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Conservation Issues of the Ventana Chapter | monterey county
Parsons Slough project could restore tidal marsh
October 2009
Parsons Slough
Click here for other aerial photographs of Elkhorn Slough. Photo by Tom Neuman

The Elkhorn Slough salt marsh habitat is unraveling. The deterioration has many causes including the construction of Moss Landing harbor in 1947 (which allowed tides full access to the Slough scouring away soft mud), the yearly breaching of the sandbar at the mouth of the Salinas River to protect farmland from flooding, and the diking and draining of large areas of the slough for farming in the early 20th century.

Pickleweed
Pickleweed grows around the edges of the salt marsh. It is able to thrive in environments too salty for many other plants. Ventana staff photo.

Elkhorn Slough consists of 800 acres of salt marshes with tidal creeks and 1600 acres of mudflats. In the 1800s there was twice as much salt marsh as mud flats. Today, the salt marsh is dying off because it is wet too much of the time. Additionally the depth of the water channel has changed. In the 1800s the depth of the channel ranged from 5-10 feet; today it is 20 feet deep. The tidal scouring has resulted in a hardened bed which makes it more difficult for clams and other invertebrates to burrow.

Working over the last five years, a group of 100 scientists and conservationists have developed plans to slow down the deterioration and preserve the tidal marshes and other estuarine habitats in Elkhorn Slough. They are planning a test project in Parsons Slough, a branch of Elkhorn Slough.

This project, called the Tidal Wetlands Project, has three goals:

• Conserve estuarine habitat,
• Restore lost estuarine habitat, and
• Restore the processes that sustain the system.

The solution proposed is an adjustable tidal barrier at the entrance to Parsons Slough with detailed monitoring so appropriate adjustments could be made. Almost $4 million has been granted from Federal Stimulus Funds for an analysis of alternatives and partial design of the project which is not expected to inhibit movement of marine mammals or alter the Leopard shark nursery created since the building of the harbor. The beauty of the project’s conceptual design is its reversibility should any impacts be adverse.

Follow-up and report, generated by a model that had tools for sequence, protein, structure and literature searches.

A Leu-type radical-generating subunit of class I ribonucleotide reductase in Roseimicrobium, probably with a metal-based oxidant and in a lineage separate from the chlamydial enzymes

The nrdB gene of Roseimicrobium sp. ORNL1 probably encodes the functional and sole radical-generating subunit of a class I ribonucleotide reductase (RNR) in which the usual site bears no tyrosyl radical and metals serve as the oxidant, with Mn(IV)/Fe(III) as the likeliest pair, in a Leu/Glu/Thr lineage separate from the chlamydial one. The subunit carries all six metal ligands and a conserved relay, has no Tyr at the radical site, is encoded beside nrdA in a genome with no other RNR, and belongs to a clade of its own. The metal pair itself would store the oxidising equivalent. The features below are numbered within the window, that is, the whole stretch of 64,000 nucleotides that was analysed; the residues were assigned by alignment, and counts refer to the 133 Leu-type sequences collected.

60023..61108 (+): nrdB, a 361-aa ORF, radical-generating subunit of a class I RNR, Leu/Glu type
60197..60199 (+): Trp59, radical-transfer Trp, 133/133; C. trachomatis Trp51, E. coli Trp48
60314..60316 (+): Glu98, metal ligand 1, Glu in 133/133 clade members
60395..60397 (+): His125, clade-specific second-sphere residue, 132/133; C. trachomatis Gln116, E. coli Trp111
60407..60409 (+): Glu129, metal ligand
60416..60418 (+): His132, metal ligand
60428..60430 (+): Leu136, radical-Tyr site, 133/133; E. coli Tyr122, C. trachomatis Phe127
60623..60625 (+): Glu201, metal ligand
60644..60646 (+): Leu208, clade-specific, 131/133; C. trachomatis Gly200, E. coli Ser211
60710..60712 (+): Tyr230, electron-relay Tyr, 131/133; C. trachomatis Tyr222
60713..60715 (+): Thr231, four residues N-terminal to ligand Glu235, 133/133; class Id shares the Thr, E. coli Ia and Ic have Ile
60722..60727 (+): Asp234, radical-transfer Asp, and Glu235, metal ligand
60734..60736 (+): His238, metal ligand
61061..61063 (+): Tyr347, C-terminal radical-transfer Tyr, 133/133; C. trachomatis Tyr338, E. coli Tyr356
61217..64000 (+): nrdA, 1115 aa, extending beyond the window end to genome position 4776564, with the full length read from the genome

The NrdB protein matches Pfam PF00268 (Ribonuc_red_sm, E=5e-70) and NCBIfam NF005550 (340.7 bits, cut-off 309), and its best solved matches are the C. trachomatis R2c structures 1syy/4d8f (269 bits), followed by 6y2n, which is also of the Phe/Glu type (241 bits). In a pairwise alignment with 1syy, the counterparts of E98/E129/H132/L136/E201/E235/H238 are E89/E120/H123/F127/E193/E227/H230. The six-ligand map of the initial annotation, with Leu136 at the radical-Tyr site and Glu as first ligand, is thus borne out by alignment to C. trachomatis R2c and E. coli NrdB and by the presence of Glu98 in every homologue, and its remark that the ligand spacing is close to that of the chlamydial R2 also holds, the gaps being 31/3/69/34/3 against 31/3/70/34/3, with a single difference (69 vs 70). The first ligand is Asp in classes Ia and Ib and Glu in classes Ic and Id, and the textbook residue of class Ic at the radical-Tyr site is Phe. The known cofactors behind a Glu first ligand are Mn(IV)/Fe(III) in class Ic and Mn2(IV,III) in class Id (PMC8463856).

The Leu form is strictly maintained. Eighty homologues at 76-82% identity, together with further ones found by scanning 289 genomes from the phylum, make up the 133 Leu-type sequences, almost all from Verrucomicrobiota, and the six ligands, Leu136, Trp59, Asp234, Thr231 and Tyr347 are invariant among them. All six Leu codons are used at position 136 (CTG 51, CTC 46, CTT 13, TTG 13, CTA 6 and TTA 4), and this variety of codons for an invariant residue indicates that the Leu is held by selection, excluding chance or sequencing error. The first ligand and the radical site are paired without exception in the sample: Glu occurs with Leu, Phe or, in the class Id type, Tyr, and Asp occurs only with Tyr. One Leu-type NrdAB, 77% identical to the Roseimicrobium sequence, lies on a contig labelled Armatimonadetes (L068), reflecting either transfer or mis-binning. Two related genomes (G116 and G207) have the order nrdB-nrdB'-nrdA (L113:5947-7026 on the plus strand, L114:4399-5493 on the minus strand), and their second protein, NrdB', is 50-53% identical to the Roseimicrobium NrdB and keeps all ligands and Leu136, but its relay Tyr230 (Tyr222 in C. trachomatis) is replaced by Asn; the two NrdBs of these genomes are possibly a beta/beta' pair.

Restoration is a delicate balancing act. The Slough needs tidal action to maintain high levels of dissolved oxygen to sustain a healthy invertebrate community. Yet, too much tidal action can scour the Slough, cause erosion of the banks, and keep the salt marsh submerged too long. Restoration managers must also balance the existing needs of the harbor, agriculture, and other users.

Parsons Slough historically supported 400 acres of tidal march, but now only 35 acres remain. In the first half of the 20th century the area was diked off and drained for farming. When the dikes broke in 1982, the tides returned but the salt marsh did not because the land surface had dropped making the area too wet for salt marsh plants.

If the tidal exchange could be reduced, the salt marsh plants would be exposed to salt water for shorter periods of time, increasing the area where salt marsh plants could survive. Reducing the tidal exchange at Parsons Slough slightly would slow currents in many other parts of Elkhorn Slough, increasing the viability of salt marsh and soft mud habitats throughout the estuary.

Ninety-seven percent of salt marshes in California have been lost. If nothing is done to restore natural processes, we are may lose the remainder.

Elkhorn Slough is largely owned by the California Department of Fish and Game.

Parsons Mudflats
CMud flats are increasing at Elkhorn Slough. In the 1800s there was twice as much salt marsh as mud flats. Today the ratio of salt marsh to mud flats is reversed. The salt marsh is dying because it is wet too much of the time. Photo by Barb Peichel



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